Gelett Burgess, a draftsman and illustrator by trade, is probably best known for the poetry he left behind. Though even this is somewhat lost to history, perhaps because his most famous books are volumes of nonsense poetry. Take, for example, this, probably his most famous single poem:
I never saw a Purple Cow,
I never hope to see one,
But I can tell you, anyhow,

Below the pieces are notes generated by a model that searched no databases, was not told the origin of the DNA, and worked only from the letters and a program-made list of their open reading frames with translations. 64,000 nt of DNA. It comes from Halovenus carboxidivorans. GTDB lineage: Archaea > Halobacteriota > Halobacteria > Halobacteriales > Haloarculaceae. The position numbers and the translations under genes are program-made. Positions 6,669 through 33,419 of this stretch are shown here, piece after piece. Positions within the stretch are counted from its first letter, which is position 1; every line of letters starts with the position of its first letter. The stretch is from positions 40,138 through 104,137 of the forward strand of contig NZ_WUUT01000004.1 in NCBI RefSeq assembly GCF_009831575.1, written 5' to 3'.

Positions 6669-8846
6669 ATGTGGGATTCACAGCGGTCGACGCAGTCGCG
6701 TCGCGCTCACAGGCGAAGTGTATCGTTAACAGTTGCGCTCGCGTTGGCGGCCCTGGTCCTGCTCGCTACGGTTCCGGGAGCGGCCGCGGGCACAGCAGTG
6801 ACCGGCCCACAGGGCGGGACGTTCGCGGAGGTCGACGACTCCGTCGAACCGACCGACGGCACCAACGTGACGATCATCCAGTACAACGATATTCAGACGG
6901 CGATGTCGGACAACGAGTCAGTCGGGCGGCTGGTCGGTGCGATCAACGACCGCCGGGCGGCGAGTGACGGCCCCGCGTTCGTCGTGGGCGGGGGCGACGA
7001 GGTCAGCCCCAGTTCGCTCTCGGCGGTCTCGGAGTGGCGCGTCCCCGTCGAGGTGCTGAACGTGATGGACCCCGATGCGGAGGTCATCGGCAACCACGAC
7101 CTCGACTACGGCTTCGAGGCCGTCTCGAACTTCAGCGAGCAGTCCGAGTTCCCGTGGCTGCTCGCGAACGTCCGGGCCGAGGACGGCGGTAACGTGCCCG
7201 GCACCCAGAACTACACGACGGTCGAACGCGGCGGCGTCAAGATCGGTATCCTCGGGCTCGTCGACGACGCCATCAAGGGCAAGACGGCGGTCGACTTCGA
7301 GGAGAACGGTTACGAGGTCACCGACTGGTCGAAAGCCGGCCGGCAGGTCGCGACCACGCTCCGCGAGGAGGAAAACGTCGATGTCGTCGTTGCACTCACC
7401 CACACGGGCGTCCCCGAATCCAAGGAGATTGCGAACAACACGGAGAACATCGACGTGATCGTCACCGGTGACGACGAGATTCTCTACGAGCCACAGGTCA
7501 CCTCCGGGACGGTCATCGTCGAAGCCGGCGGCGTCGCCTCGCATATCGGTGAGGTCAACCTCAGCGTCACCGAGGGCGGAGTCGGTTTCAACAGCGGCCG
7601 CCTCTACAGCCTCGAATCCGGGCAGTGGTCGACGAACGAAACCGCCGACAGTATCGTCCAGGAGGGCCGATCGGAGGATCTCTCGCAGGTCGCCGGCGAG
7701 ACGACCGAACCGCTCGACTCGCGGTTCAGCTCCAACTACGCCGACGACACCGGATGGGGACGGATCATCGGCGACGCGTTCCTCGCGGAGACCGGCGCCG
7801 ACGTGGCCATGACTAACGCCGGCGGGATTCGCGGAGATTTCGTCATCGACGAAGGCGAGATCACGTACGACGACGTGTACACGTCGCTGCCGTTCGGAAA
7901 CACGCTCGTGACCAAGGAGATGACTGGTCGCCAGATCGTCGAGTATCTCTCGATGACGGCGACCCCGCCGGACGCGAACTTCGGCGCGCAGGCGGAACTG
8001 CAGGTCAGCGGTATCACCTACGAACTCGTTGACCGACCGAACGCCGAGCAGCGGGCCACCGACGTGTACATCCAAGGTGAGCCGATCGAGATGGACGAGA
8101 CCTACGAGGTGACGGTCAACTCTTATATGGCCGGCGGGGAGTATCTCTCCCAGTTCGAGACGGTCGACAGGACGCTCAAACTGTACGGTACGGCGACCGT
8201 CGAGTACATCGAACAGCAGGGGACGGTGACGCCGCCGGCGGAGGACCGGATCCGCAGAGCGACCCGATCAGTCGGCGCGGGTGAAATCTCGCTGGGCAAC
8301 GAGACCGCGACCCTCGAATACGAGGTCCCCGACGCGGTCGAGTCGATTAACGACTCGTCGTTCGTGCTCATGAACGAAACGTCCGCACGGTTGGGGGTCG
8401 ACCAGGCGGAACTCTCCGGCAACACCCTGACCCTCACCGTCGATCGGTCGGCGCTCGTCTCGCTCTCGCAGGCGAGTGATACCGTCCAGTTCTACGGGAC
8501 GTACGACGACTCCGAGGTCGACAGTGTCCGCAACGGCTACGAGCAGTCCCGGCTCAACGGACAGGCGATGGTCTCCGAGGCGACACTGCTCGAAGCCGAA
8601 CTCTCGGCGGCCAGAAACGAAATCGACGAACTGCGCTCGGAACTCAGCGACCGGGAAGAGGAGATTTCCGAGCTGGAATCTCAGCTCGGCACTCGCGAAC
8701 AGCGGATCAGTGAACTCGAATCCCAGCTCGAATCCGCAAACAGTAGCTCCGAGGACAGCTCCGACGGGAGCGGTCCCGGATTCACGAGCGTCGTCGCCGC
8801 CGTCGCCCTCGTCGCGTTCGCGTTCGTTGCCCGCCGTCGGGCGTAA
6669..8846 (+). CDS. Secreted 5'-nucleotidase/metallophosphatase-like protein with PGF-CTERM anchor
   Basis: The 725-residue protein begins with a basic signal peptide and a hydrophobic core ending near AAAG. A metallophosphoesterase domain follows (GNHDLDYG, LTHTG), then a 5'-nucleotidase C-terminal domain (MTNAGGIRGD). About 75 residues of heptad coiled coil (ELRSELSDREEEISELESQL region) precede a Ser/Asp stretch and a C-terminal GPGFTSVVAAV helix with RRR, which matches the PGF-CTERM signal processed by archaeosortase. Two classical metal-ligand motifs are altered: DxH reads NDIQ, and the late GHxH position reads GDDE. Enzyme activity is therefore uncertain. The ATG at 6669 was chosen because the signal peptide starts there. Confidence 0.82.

I’d rather see than be one!
It is probably safe to say that the above is less than pure genius, coming from a man who was a contemporary of T.S. Eliot. But Burgess’s writing came from his experience working as an illustrator for magazines, and he was always more of a humorist than a philosopher.
Less well known than “The Purple Cow” is an essay Burgess wrote in 1910, after his visit to the Salon des Indépendants, the by then well-established anti-establishment exhibition of art…
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